The name "immersive sim" has come to label these games. A cursory Google search reveals that the term, in this context, has been used since at least 2007, though it hasn't entered common parlance until somewhat recently. It's a name with solid roots - Looking Glass studios not only made Ultima Underworld (1992), System Shock (1994) and Thief (1998), but it also made plenty of actual simulations, including flight and driving sims.
I have a few problems with the name "immersive sim." A simulation, as it's usually thought of, is a model of a system that develops according to the rules of that system. The mechanisms of a car, airplane, or even the development of a city can be simulated and drawn out. However, when referring to a game like Dishonored or Gone Home, that definition doesn't hold up. What's being simulated? A unique situation. The name "immersive sim" when applied to these games asks us to imagine that each element in them acts according to consistent rules. When a game also tells a linear narrative, such a belief is impossible.
While Dishonored provides multiple narrative outcomes based on player decisions, the player will always encounter the same story beats each play-through: the empress is killed, Emily is kidnapped, Emily is saved, each assassination target is taken care of, etc. Such a linear narrative negates the idea of a full simulation. If all of Dishonored was really an immersive simulation, the player might be able to kill "the conspirators", or any of the main characters at any time, including Emily. The player might be able to team up with one of the assassination targets in their own bid for the throne. The player would be able to have a full conversation with any of the characters in the game. To get around this, the game uses the contrivance of the silent protagonist. Dunwall is a rich world filled with interesting characters and motives - yet none of them are truly interactive. The non-simulated system here is the motivation and agency of the each non-player-character in the story. This (reasonable) limitation is abstracted away through writing and two-dimensional characters.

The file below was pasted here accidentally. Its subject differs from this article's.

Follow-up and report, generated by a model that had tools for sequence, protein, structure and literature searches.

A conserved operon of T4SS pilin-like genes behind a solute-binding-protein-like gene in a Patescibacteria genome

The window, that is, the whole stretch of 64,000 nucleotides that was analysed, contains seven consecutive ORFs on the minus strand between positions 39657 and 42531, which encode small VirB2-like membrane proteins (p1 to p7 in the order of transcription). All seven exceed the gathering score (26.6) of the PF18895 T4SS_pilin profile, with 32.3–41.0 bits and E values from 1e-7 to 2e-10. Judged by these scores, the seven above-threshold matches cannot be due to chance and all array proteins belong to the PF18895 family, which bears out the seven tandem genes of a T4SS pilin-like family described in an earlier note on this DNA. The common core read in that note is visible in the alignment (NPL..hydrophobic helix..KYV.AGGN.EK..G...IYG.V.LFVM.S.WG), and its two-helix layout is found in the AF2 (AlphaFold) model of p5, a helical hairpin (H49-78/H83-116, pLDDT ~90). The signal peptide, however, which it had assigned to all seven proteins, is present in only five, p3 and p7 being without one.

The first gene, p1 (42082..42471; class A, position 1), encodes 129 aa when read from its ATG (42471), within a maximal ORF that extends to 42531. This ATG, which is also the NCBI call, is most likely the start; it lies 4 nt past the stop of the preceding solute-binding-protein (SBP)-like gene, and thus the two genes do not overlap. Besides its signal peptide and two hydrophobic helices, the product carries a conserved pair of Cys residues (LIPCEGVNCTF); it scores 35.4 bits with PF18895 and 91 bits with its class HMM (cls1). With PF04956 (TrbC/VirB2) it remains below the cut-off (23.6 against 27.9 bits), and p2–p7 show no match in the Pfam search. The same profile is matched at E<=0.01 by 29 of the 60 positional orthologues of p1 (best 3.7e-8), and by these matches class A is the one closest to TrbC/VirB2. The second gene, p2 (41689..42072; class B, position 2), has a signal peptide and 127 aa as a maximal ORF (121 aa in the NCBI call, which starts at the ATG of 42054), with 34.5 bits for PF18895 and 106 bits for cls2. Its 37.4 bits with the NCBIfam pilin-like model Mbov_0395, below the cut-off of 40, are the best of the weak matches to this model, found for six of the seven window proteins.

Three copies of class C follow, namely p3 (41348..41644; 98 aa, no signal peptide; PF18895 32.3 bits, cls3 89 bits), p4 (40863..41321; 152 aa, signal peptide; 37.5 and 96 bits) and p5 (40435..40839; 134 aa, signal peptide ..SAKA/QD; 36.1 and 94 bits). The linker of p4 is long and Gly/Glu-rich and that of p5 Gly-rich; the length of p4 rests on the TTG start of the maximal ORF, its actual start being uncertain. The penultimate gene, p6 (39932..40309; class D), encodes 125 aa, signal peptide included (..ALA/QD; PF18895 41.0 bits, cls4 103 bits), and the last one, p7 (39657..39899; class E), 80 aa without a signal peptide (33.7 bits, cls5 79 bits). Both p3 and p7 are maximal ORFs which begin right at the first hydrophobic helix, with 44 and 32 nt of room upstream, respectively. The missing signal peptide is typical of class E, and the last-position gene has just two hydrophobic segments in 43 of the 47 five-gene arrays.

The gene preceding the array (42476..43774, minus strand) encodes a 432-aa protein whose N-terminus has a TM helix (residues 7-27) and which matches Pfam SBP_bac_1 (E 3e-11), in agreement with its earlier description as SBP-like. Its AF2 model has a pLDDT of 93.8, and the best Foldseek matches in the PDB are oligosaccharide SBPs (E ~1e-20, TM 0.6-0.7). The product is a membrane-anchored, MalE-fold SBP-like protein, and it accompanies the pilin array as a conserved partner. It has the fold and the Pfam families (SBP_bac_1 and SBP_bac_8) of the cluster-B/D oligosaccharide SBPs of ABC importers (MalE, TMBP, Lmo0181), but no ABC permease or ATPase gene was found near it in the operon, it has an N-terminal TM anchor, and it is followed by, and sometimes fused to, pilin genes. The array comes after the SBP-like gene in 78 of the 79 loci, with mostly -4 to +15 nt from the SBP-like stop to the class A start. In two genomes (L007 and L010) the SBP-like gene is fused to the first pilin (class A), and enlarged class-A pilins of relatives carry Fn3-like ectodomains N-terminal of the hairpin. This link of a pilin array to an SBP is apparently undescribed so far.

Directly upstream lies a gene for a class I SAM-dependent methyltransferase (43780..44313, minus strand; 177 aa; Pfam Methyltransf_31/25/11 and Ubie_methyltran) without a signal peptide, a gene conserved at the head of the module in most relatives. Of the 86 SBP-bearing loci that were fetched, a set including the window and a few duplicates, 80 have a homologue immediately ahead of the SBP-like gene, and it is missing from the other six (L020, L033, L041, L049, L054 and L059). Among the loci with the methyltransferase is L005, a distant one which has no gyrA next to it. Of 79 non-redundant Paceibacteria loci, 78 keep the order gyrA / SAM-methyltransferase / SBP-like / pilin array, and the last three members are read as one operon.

Steve Gaynor is up front about Gone Home's pseudo-simulation: "'simulation' in our case is not a literal term. ...What it means is allowing the player to do whatever their character might logically do within the game’s context, and ensuring that the gameworld reacts in the way you expect." The important part of Gone Home is that you are in the house, interacting with it according to consistent rules. That consistency is part of what makes the game immersive.
To take a momentary detour into psychology: Spatial Presence Theory is the theory that describes the nature of immersion in media. There's a pretty good breakdown of it at The Psychology of Video Games. Briefly summarizing, and I quote:
"1. Players form a representation in their minds of the space or world with which the game is presenting them.
2. Players begin to favor the media-based space (I.e., the game world) as their point of reference for where they 'are' (or to put it in psychological gobblety-gook, their 'primary ego reference frame')."
The author goes on to say that there are two groups of characteristics that make games immersive:
3. One group, which he calls "richness," includes environment, world, and sensory detail.
4. The other group is more important to us right now, and includes in the game world "lack of incongruous visual cues, consistent behavior from things, an unbroken presentation" and "interactivity with items."Those four requirements for immersion are the hallmark of Looking Glass games and those of the lineage. Most important to these games is the idea of "consistent behavior from things." Austin Grossman, a game designer and former Looking Glass employee, described the studio's design philosophy as having "a notion that immersive gameplay emerges from an object-rich world governed by high-quality, self-consistent simulation systems." These systems form the backbone of gameplay in the genre. Gone Home has a system that allows the player to pick up and turn objects over, looking at them from every angle. Dishonored (2012) is chock full of simulated, interactive systems, including plague rats, guards that walk around and can spot/attack you, explosive whale oil canisters, hackable machines that run on said canisters, and plenty more.